The federal government could be forced to spend $10 billion to enforce its $2.6 trillion new law on gun control, a law intended to curb the spread of gun violence in the United States, a senior House Republican aide said on Tuesday.
The aide, speaking on condition of anonymity because the aide wasn’t authorized to discuss the bill publicly, said the spending could come from the gun-control money earmarked for the Centers for Disease Control and Prevention, the Justice Department, and the State Department.
The aides said the law would also include $6 billion for the Bureau of Alcohol, Tobacco, Firearms and Explosives to implement the National Instant Criminal Background Check System, which is meant to screen potential buyers to prevent gun violence.
The bill would also fund the Bureau’s National Criminal Information Center to help law enforcement better investigate suspected gun-related crimes.
The source said Congress is considering the bill, which could also include an increase in funding for the National Crime Information Center, which was created in 2007.
The law, which passed with bipartisan support, requires gun owners to register their firearms with the government, but it does not require them to report any illegal activity.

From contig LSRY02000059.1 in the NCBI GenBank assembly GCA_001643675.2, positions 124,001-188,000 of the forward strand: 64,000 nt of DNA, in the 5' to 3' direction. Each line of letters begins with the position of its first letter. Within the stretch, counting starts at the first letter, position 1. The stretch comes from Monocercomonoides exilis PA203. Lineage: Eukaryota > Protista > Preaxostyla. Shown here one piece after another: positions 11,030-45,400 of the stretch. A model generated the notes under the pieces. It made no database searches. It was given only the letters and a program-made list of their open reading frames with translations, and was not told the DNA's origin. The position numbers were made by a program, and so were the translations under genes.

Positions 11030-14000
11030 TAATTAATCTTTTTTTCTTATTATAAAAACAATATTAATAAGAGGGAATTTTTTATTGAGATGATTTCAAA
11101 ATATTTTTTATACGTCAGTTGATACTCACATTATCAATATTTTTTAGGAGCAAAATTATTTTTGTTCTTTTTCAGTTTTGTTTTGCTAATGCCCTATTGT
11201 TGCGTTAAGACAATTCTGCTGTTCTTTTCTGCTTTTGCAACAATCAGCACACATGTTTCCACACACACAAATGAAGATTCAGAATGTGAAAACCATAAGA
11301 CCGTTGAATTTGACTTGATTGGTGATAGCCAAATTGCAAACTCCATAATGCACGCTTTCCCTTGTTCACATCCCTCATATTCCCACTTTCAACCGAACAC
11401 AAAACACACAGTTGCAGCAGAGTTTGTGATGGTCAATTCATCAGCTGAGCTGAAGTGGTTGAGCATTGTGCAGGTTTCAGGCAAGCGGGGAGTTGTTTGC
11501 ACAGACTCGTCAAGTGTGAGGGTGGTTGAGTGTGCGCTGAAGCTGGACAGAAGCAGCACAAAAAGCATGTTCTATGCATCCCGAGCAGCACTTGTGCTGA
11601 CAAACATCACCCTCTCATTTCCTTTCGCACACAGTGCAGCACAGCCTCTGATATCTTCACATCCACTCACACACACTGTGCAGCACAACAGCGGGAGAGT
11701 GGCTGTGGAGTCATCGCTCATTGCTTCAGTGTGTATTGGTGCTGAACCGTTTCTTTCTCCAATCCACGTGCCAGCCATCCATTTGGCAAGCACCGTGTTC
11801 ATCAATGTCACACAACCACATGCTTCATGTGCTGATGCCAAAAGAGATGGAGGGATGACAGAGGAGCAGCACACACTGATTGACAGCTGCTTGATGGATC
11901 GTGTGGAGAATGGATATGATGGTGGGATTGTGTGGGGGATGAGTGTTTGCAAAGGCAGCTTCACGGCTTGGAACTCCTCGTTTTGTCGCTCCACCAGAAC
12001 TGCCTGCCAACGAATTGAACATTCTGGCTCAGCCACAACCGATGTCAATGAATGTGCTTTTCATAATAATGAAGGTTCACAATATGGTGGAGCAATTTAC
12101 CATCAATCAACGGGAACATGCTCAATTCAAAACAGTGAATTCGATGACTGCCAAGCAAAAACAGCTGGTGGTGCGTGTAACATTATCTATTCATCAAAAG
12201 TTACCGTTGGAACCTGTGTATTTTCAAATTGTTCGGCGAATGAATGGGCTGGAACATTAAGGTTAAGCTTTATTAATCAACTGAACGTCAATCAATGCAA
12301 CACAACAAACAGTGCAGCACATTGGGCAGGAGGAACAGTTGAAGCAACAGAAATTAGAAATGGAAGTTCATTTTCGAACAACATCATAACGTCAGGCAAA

Gun owners can buy their firearms in private stores, through a licensed dealer, or through private transfers.
The government collects background checks on private sales, but gun-rights advocates say it is too slow to process the data.
Gun-rights supporters say the data is incomplete because gun manufacturers and sellers may not report sales that occur on private transactions.
The House Judiciary Committee is expected to consider the bill in its current form on Thursday.
A bill to expand background checks in states with a high proportion of minority and women was also recently introduced in the Senate, but its chances of passage are uncertain.
The Associated Press contributed to this report.